IT professionals are usually in charge of an organization’s cybersecurity. They know all the technology and vulnerabilities that a cybercriminal would try to exploit. But what do they know about financial operations, and all the traditional ways that criminals have been trying to get your money since the dawn of time?
Fraud has existed for a long, long time. Technology just gives criminals new opportunities to perpetrate bigger frauds more quickly than ever before. Input from the CFO is absolutely required to thoroughly understand the vulnerabilities and fraud opportunities that can be controlled by technology.
CFOs care about cybersecurity as much as the IT chief. Ideally, the CFO and the head of IT will collaborate in these three areas to fight against cybercrime:
- System Access
Preventing one person from having too much control over a financial transaction, called segregation of duties, is best accomplished by setting up system access controls. Each user’s unique system identification and password can be defined to restrict that user’s activities within the system. For example, the system can be set up to prevent a user from originating and approving the same transaction.
- Automated Workflows
One traditional way to defraud an organization of its funds is to intercept and alter documents, such as invoices, contracts, and time sheets. By building an automated workflow within a system, information and documents images are only routed to an authorized person who is the intended recipient. System history files can provide an activity trail that reflects which actions were taken by each system user, and when.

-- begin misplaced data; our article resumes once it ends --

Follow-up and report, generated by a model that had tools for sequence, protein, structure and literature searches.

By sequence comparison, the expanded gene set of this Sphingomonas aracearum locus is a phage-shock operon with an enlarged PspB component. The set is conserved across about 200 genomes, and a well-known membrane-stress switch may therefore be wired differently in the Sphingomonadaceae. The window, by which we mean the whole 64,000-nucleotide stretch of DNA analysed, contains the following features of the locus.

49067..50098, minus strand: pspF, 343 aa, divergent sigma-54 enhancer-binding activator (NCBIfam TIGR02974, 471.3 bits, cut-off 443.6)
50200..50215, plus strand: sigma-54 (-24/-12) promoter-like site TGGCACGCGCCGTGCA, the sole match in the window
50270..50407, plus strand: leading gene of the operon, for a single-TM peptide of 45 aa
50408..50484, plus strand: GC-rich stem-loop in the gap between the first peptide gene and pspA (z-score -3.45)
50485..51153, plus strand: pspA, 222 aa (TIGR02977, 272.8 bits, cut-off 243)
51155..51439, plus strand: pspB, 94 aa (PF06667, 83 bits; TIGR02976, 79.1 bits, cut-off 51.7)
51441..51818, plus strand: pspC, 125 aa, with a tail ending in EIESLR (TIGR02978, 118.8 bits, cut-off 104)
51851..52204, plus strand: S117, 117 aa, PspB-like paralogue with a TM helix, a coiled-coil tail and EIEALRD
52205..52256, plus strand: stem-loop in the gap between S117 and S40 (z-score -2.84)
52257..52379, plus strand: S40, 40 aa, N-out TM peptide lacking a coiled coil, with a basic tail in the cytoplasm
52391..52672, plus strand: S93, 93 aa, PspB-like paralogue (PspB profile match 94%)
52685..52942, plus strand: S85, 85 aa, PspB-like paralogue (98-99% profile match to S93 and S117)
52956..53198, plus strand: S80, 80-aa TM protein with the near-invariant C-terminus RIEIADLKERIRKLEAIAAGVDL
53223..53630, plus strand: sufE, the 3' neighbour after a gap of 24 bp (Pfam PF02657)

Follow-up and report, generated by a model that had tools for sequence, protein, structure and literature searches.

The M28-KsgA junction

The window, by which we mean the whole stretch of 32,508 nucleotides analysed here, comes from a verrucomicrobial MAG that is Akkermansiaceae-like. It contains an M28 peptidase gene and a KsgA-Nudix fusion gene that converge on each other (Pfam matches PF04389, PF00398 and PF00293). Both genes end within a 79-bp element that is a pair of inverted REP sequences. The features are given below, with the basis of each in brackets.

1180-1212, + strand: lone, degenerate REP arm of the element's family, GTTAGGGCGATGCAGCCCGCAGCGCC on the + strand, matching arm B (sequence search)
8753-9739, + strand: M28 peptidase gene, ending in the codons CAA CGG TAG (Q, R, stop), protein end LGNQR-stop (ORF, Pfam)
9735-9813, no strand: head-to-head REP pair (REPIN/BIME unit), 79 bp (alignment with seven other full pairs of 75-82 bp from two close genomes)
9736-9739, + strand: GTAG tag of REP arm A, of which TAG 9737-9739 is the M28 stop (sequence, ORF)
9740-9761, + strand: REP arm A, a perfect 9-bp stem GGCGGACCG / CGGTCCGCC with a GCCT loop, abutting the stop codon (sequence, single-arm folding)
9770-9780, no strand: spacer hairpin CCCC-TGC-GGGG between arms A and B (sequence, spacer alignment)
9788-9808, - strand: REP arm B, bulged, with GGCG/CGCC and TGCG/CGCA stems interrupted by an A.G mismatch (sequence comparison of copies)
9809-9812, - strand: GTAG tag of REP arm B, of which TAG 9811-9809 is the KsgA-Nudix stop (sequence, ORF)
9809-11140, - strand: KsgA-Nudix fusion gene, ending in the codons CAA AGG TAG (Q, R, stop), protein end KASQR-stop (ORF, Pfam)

- Exception Reporting and Follow-up
Systems can be configured to identify and report any transaction or activity that is an exception to policy, standard procedures, or good business practices. Items that are considered “exceptions” must be defined, agreed upon, and built into the system. Reported exceptions should be routed in the system to the appropriate person to assess and take action on each reported item.
Cybersecurity efforts are usually led by the IT chief and her or his team. CFOs care about cybersecurity, too. Modern technology and traditional knowledge about the ways that criminals defraud organizations of their money can collaborate to build strong system controls that prevent and detect fraud.